Managing the risks of fuel contamination should be high on the radar for any business, but especially those reliant on fuel for critical power and business resilience.
It only takes a small about of contamination to jeopardise your back-up power and with an average minute of downtime costing an estimated £5224 for critical facilities such as Data Centres and banks, it’s essential that an effective fuel management strategy is in place.
Ensuring awareness of the signs of fuel contamination coupled an effective preventative fuel management plan can help reduce these risks and even prevent contamination entirely.
What is fuel contamination?
Contamination in fuel is typically caused by a foreign body, such as water entering the fuel, or due to stagnant fuel naturally degrading and damaging molecules.
Water is the most common and arguably the most damaging contaminate to find in your fuel tank as it promotes microbial growth along with numerous contamination chain reactions. Whether it’s free moving, emulsified or dissolved water, this contaminate can cause long term damage that’s detrimental to any backup generators or standby power systems.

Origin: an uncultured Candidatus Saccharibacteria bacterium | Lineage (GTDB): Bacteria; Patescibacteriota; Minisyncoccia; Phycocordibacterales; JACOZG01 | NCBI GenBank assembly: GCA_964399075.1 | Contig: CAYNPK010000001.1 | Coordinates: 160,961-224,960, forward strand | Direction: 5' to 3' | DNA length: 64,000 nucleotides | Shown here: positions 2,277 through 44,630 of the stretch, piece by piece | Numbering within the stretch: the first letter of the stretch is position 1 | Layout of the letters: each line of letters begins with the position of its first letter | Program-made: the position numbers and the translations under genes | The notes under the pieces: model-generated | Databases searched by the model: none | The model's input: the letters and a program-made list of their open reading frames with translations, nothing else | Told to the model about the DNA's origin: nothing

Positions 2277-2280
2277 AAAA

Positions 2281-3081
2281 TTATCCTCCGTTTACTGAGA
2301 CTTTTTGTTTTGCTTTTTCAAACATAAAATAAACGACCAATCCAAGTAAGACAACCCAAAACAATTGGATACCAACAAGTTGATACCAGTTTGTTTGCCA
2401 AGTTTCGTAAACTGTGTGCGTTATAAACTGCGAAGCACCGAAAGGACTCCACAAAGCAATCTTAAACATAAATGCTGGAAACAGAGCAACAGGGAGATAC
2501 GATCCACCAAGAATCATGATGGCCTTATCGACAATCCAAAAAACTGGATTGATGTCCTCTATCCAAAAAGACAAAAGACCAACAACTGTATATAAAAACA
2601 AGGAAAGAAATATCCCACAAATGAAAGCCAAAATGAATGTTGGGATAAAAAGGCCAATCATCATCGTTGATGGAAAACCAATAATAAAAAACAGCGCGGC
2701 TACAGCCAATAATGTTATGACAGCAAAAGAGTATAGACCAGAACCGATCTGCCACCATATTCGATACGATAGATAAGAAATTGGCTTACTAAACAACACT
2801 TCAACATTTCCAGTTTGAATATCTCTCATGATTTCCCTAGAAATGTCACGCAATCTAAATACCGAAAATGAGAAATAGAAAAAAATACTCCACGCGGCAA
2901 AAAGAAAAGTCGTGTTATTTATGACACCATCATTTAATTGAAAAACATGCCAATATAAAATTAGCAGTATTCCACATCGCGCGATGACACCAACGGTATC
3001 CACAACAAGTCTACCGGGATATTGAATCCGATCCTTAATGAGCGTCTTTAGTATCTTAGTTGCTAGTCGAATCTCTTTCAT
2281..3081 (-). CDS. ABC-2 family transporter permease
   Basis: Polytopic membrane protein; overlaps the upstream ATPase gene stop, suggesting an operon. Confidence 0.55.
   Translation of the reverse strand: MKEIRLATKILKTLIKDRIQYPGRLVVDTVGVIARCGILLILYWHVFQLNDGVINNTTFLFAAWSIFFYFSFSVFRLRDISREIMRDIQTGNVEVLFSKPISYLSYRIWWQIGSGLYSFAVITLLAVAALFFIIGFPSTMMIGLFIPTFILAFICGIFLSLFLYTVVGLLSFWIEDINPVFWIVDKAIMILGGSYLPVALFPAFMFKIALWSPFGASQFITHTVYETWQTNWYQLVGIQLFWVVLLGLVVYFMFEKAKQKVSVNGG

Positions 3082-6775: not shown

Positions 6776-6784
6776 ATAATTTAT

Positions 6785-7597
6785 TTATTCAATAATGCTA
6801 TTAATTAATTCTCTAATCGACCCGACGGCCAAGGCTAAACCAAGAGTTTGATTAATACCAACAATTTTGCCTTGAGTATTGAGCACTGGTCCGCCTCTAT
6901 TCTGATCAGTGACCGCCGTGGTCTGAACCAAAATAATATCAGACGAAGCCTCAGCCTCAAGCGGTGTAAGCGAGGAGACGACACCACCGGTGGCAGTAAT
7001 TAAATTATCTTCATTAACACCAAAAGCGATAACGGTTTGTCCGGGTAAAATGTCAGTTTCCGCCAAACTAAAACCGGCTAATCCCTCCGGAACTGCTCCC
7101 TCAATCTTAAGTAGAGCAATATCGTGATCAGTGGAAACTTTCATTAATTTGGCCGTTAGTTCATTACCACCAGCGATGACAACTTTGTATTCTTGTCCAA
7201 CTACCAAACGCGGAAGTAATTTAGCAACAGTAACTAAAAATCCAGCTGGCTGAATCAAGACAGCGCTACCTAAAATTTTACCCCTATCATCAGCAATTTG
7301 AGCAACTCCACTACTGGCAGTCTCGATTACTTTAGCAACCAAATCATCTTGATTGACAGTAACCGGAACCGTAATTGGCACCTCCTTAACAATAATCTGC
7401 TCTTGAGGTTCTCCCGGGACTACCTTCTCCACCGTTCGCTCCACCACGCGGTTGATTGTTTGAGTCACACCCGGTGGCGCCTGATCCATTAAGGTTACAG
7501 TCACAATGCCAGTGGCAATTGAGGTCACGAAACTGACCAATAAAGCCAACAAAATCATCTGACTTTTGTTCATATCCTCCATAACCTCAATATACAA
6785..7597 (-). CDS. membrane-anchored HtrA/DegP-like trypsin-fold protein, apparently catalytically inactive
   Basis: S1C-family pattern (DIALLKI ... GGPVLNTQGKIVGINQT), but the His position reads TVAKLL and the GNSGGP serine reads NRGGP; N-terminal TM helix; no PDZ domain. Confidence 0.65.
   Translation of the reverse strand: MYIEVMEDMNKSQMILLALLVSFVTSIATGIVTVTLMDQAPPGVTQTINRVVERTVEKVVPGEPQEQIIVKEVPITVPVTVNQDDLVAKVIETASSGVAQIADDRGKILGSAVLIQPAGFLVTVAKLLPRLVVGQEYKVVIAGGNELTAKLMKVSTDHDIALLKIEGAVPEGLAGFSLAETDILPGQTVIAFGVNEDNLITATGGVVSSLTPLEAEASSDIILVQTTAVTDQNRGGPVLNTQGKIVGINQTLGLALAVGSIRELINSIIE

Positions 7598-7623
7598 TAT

When microbial growth forms it often settles at the bottom of the tank forming a layer of sludge that will collect in pipe works, block filters and eventually damage the tank.
The effects of fuel contamination can quickly multiply, reducing stability and over time render the fuel useless, impacting efficiency, cost and reliability. However, identifying contamination at an early stage will ensure that you can resolve the issue as quickly and easily as possible.
How do you spot potential fuel contamination?
Making sure your business is aware of the symptoms is the first step to prevention. WP’s engineers have compiled their top signs to look out for:
How do you prevent fuel contamination?
Our engineers at WP have compiled their top 5 tips on preventing fuel contamination:
Imposing preventative measures to reduce the risk of contamination is key, unfortunately many businesses wait until reactive services are required and with this comes substantial expense. Without a monitored, quality fuel supply and management plan, the risk of power outages, blackouts and other loss of power, dramatically increases.